On Monday, 35,000 people are expected to attend the largest annual public event on the White House grounds, otherwise known as the Easter Egg Roll. When the tradition began in 1878, the event was organized on the Capitol lawn with real eggs. The dyed, hard-boiled eggs were rolled across the lawn to see whose would go the farthest before cracking. Eggs were tossed, hit, and collected. Eventually, a smell arose.
Stewart McLaurin, President of The White House Historical Association (WHHA), said, "As you can imagine, some would be lost and left on the White House lawn, and it created an unpleasantness as those eggs rotted."
Thankfully, the event isn't as pungent as it used to be. Former First Lady Nancy Reagan had the idea to use wooden eggs to commemorate the event. Over the years, the White House Easter Egg Roll has taken on other new forms with festivities added like book readings and a visit from the Easter Bunny.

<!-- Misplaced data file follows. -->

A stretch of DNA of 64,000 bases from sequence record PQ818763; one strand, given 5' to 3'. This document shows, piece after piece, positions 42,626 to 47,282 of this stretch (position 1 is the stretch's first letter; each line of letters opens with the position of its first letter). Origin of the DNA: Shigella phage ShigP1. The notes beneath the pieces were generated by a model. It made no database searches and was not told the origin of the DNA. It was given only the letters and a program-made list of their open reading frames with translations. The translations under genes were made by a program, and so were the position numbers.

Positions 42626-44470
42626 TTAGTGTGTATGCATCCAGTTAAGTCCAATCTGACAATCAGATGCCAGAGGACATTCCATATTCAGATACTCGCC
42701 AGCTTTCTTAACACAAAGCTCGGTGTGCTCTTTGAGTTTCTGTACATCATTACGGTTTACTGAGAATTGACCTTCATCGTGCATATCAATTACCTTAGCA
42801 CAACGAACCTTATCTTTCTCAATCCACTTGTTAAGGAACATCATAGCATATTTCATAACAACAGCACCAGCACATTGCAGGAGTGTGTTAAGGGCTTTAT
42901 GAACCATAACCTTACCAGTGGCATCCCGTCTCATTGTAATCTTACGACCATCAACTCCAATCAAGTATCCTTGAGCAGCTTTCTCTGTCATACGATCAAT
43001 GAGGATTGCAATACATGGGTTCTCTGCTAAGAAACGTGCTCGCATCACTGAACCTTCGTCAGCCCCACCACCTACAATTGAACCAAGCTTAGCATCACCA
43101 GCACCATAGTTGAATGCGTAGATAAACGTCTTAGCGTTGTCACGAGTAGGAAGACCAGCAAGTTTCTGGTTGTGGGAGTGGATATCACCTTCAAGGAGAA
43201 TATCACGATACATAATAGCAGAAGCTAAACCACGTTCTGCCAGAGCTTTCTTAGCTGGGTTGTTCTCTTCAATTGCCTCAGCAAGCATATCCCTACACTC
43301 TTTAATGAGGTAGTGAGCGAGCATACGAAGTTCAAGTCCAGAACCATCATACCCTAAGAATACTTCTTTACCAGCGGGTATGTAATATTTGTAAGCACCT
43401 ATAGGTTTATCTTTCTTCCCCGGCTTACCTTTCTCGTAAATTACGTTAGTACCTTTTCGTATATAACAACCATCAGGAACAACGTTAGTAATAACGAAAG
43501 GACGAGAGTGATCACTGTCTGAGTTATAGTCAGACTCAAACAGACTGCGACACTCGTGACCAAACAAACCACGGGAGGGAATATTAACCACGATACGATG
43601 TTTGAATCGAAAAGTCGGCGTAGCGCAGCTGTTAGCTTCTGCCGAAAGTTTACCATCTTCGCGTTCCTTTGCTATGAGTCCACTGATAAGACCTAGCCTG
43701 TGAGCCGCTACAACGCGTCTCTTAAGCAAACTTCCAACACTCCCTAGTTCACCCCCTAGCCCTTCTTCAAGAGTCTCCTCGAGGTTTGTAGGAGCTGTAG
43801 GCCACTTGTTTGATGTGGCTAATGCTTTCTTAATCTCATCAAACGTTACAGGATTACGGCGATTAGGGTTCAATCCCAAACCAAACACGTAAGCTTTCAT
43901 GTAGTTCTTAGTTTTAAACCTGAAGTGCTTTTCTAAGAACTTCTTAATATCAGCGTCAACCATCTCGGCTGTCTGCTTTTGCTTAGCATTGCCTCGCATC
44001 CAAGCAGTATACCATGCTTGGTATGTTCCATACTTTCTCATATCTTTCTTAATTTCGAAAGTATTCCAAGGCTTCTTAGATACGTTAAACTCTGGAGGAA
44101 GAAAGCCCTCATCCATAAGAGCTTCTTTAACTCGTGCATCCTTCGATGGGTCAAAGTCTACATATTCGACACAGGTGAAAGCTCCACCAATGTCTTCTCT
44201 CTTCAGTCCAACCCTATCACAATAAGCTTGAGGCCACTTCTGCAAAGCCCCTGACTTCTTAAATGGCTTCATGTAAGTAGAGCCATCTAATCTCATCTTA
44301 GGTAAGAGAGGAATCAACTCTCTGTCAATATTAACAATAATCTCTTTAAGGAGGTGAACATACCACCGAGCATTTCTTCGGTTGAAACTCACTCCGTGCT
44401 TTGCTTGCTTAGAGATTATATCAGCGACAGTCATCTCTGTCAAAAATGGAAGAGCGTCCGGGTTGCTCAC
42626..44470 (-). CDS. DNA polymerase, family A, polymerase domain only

McLaurin further spoke to Curbed about the history of the day-long Easter tradition. To learn more about the event, Curbed has compiled the memorable dates he spoke of below along with historical photos of the event.
• 2016 White House Easter Egg Roll [The White House]